Curling Canada announces majors changes

Tickets on sale and volunteers still needed for Pinty’s Grand Slam event coming to Niagara this fall. Photo credit: Facebook/Curling Canada 


As plans for the Pinty’s Grand Slam of Curling – coming to Niagara Falls in October – continue, Curling Canada has announced some major changes. 

Canadian four-player curling teams looking to qualify for the 2026 Winter Olympics now have a defined pathway to lead them to Italy.

Guided by findings from the High Performance Review conducted following the 2022 Winter Olympics, and in consultation with Sport Canada, Own The Podium and high performance curling athletes, there will be a slightly different format and qualifying process for the Trials, as well as new guidelines for Wild Card Teams to qualify for the Brier, presented by AGI, and Scotties Tournament of Hearts. The Brier and Scotties are the men’s and women’s national championships respectively.

“We feel confident that these changes will give our high performance athletes the best opportunity to succeed,” said Katherine Henderson, Chief Executive Officer of Curling Canada. 

“There were a lot of voices, from athletes, funding partners, and coaches, who played a valued and significant role in getting us to this point and while there is still work to be done, we feel we are in a better place leading to the 2026 Winter Olympics.”

The four-player Canadian Curling Trials, scheduled for Nov. 22-30, 2025 will be an eight-team event and will feature, for the first time in Trials history, a best-of-three final.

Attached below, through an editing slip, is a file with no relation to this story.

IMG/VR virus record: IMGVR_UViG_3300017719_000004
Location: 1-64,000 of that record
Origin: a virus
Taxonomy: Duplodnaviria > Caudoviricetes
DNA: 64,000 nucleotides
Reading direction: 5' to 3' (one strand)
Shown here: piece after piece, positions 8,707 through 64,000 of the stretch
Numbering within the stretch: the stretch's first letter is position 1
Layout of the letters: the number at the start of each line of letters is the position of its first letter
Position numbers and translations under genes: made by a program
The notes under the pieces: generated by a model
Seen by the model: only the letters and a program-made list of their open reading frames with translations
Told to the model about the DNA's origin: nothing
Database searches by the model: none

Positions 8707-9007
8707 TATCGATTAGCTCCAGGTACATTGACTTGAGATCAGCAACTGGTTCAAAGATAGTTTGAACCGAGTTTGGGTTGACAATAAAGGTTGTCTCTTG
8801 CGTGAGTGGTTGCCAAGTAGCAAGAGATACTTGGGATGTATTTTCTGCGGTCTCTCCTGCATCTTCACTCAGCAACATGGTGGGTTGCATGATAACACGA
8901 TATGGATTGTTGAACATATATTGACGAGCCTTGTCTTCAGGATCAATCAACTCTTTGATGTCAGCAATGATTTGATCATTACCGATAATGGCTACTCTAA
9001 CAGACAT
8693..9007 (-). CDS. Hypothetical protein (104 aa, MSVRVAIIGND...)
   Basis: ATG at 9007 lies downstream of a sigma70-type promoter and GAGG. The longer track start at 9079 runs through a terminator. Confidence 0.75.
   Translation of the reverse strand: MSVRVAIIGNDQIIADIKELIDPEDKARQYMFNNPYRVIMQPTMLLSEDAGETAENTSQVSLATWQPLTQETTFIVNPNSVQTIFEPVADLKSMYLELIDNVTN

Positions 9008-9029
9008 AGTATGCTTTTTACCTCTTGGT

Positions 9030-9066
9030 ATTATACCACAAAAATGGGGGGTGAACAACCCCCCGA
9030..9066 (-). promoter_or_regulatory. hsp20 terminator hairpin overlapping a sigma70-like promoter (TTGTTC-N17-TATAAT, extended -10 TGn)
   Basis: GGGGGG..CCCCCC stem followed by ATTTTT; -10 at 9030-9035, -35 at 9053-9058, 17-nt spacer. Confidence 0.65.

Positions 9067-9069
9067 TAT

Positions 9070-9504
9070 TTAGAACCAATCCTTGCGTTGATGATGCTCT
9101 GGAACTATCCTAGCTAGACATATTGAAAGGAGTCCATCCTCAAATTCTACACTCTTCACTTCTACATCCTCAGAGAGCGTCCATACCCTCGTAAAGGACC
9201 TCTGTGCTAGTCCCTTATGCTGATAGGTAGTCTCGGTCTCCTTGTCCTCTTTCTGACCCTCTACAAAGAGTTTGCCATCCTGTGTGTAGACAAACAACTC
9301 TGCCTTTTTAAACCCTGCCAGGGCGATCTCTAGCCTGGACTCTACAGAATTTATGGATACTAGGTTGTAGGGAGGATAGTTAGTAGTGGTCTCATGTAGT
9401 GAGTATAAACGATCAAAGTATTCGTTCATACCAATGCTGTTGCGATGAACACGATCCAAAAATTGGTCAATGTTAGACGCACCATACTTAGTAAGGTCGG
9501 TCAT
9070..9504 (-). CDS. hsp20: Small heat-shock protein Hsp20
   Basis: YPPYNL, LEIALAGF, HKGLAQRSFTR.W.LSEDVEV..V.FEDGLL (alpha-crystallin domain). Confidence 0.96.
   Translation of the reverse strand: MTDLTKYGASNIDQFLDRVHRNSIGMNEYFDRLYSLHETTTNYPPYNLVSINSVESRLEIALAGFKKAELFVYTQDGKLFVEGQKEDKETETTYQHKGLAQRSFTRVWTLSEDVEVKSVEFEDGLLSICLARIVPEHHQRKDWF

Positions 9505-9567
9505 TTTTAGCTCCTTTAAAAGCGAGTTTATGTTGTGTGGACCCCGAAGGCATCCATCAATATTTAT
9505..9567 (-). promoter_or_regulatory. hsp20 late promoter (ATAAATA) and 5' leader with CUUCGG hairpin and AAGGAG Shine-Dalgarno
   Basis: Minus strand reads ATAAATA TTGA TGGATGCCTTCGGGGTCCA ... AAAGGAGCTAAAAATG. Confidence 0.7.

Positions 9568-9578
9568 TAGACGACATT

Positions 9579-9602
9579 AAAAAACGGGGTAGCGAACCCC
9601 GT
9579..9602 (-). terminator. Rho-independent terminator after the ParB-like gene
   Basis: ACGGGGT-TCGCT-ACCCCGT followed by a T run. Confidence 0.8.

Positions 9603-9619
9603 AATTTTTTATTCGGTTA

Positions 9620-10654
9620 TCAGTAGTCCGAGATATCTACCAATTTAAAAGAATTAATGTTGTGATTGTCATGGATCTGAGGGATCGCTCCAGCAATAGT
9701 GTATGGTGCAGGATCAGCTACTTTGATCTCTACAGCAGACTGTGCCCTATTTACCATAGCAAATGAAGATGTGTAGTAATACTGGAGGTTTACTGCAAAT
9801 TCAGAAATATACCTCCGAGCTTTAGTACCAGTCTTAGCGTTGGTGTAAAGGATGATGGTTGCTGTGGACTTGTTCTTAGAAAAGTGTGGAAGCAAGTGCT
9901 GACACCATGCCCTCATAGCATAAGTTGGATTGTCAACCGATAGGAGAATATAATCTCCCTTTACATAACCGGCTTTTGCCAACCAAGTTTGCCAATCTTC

After a single round-robin draw, the top three teams will reach the playoffs, with second place playing third in a semifinal, and first place going straight to the final.

There will also be changes in place for the Scotties and Brier, beginning with next year’s Canadian championship events, in Calgary and Regina respectively.

First and foremost, while the competition format will remain basically the same as that used for the past two years (18 teams, two nine-team pools, six-team playoffs), tiebreaker games will be eliminated, bringing Canadian championship events in line with the world championships and Olympics.

A modified playoff format will see the first-place team from Pool A meeting second place from Pool B, and vice versa, in the first round of the playoffs, with the winners going directly to the Page playoff 1-2 game, while the losers meet the third-place finishers in the pools. The winners of those games will advance to the Page playoff 3-4 game.

As well, for the next three Scotties and Briers, more teams besides the defending champion Team Canada will qualify well in advance of the events as Wild Card teams.

Giving teams the chance to qualify for the Scotties and Brier earlier through the Wild Card process is aimed at giving teams the opportunity to better balance their training and competition schedule, explained David Murdoch, Curling Canada’s Director, High Performance.

“Having teams chasing points through playing in multiple events for the first half of the season to improve their chances for a Wild Card berth really detracts from the time they could be spending training on the ice or in the gym, as well as resting and recovering from events and travel,” Murdoch said.

“This will give teams with high performance ambitions a much better opportunity to better plan their training and playing schedule around peaking for national and international competitions in the same way the plan around peaking for the Trials and Winter Olympics.”

And one of those events is the aforementioned Pinty’s Grand Slam of Curling, coming to Niagara Falls and the Gale Centre from October 17 to October 22 of this year, and with not one but two tiers of action, the Hearing Life Tour Challenge features a total of 32 men’s teams and 32 women’s teams.

More information can be found here.

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